It’s easy to mistake nervous candidates for incompetent, and it is therefore the job of the interviewer to be able to manage candidate’s nerves, which involves pre-empting, preventing, mentoring, allowing for and taking into account nerves throughout the course of an interview. Being nervous is not a candidate crime or a mistake, it is what makes us human; everyone gets nervous from time to time. Employers and interviewers should in some respects be flattered by a nervous candidate as it shows they have deep psychological investment in your firm and are very keen to impress as a result.
Also, an inability to work your way behind the nerves of a great candidate means that your interview process could be biased against introverts/nervousness, which means that you could regularly be overlooking great candidates. This seems nonsensical in these times of severe talent shortages. In fact, three studies from Wharton and UCLA have found that introverts often outperform extroverts in collaborative roles, and one study showed that introverts outperformed extroverts in sales roles. So, if you are interested in building a selection process that is designed to look behind the nerves of neurotic candidates, you might be interested in my eight interview tips on how to do this below.
1. Create a relaxing interview environment. Avoid an oppositional boardroom style layout as this can be intimidating. Consider using a round or at least oval shaped table for interviewing as this is more open. Provide comfortable (even padded chairs) with arm rests so the candidate can sit comfortably and relax while listening. If there is more than one interviewer, consider sitting one interviewer alongside and perhaps one or two opposite to give the candidate a sort of physical “ally,” which can help to ease nerves.
2. Address your own body language. Make sure to start your interview with a warm and welcoming greeting. While firm handshakes are all the rage, don’t crush; take into account the candidate’s grip. Put a great emphasis on eye contact and a warm smile.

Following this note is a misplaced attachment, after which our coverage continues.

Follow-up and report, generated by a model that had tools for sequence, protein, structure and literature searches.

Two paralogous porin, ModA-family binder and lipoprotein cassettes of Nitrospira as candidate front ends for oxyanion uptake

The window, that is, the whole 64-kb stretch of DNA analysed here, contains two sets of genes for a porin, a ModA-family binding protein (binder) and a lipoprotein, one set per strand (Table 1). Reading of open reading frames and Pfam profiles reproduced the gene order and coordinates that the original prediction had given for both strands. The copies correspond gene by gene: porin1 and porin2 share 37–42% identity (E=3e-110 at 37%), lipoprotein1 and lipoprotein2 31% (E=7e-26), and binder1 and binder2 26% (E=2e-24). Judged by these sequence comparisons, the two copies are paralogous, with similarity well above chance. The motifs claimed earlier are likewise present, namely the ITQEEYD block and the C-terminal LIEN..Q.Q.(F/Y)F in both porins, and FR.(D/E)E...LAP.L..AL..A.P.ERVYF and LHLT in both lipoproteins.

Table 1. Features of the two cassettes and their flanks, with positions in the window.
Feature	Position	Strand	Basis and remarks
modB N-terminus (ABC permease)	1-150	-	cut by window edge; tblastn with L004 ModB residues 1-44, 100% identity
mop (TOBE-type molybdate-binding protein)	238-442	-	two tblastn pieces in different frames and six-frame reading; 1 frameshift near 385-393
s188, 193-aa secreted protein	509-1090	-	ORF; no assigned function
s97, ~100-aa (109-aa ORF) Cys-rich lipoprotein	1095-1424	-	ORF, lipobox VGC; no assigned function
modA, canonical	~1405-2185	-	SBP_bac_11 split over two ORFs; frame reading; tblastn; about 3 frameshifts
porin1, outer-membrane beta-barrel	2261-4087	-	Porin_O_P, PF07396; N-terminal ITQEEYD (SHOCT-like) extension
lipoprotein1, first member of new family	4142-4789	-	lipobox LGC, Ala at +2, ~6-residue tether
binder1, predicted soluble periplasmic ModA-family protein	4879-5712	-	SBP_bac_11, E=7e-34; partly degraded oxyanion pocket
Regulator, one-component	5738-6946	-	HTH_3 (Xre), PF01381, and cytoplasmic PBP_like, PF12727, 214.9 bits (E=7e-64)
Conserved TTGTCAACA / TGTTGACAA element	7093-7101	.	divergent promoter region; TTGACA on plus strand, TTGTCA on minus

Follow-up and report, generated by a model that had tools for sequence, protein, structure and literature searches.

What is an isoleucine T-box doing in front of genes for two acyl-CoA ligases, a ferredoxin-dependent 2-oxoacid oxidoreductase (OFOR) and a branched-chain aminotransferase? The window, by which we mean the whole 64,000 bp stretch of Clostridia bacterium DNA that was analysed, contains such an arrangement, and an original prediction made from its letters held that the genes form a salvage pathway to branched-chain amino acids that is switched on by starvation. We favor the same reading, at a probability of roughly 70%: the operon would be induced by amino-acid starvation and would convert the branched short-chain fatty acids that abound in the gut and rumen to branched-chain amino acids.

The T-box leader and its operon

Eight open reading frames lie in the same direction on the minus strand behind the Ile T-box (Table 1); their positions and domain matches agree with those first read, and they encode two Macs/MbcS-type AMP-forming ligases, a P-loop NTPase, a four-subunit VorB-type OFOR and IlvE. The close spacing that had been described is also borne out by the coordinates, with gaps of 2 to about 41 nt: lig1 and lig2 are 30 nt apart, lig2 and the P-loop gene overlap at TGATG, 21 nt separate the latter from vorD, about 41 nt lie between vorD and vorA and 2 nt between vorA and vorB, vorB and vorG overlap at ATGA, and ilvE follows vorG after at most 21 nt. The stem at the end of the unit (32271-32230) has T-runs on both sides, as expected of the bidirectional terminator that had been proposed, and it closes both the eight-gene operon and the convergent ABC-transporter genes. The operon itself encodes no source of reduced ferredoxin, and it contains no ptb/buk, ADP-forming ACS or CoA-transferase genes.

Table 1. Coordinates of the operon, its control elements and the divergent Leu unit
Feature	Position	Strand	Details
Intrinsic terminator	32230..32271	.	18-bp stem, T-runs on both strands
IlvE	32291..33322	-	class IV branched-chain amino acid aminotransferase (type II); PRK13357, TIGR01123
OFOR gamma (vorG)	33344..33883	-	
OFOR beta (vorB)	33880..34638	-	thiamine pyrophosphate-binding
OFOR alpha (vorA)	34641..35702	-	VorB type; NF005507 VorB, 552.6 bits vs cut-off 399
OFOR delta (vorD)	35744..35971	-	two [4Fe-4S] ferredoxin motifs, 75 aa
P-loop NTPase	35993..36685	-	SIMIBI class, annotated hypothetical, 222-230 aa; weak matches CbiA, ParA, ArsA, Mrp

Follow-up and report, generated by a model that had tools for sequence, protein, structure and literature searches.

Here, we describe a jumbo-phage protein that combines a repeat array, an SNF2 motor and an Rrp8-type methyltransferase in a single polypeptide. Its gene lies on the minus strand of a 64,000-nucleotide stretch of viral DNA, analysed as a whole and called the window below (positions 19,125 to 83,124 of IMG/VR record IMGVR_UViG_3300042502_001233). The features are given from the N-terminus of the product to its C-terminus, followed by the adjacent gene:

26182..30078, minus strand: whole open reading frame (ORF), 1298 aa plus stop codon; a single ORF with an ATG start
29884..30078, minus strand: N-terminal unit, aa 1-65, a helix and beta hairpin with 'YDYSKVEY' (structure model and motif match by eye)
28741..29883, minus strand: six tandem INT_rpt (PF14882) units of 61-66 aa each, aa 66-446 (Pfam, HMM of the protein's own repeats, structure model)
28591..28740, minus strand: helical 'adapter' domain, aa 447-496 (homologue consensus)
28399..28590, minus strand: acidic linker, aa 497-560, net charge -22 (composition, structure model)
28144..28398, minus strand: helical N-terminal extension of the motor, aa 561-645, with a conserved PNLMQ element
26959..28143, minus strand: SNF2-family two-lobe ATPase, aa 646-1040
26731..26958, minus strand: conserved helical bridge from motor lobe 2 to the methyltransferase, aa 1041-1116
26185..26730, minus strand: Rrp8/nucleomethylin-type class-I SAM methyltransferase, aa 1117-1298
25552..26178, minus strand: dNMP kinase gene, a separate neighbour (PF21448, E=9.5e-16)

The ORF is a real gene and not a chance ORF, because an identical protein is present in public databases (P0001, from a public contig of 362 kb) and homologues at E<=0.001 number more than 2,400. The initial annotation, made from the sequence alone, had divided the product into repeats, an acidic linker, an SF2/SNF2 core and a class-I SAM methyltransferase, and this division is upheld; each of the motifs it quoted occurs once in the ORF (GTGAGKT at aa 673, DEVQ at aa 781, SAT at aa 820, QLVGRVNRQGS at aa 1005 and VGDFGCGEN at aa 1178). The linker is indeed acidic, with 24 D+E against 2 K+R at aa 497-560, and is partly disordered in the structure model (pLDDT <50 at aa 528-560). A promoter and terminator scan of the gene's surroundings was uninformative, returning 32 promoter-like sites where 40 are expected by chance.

3. Meet and greet and introductions. Engage in plenty of small talk from the point you meet the candidate right up to the start of the first formal question. Talk about the person’s journey here, the weather, the latest episode of Game of Thrones or Glee, and ideally focus on his/her hobbies and interests and passions and highlight any common areas of interest. Spend a good five minutes on this. Offer the candidate a drink; if it’s a hot day, it might be a cool drink, but on a winter’s day it might be tea. Always make sure there is water available throughout the interview.
4. Agenda. Before you start the interview, explain the agenda and plan for the day, including the format of the interview and questions. If it’s behavioral questions, then give candidates an example of a question and how you’d like it to be answered. Let them know when they can ask questions, e.g. during or at the end or both.
5. Easy questions to start. Start your interview with easy questions as these quick wins will help to relax nervous candidates and build their confidence and should help them to perform better as you progress to the more complex ones.
6. Smile. Smile regularly and make the occasional joke, (self deprecating jokes are best and avoid making fun of the candidate), to help lighten the mood and keep it light.
7. Questioning. Avoid the interrogative interviewing style. This isn’t CSI. Focus on building rapport and trust with the candidate as a way to getting to the truth. So assist them with answering by not rushing their answers, allowing them time to think, rephrasing the question if they look confused and offering to come back to the question later, and offering reassurance when you can. Always, thank them for each answer as that’s positive reinforcement and praise them if they give a particularly good answer.
8. Body Language. Focus on building rapport and trust during the interview and one way to do this is through positive body language. This includes smiling regularly, perhaps when they are answering or whenever appropriate. Try techniques such as ‘mirroring’ which means adopting a similar posture to them as this is thought to help build rapport. Where possible try and match the speed, tone and volume of their speech as this is also thought to help build a greater rapport.
And finally, try not to form opinions on the candidates based on their level of apparent nerves or confidence as research suggests that a nervous disposition does not necessarily mean they will underperform compared to the outwardly self assured.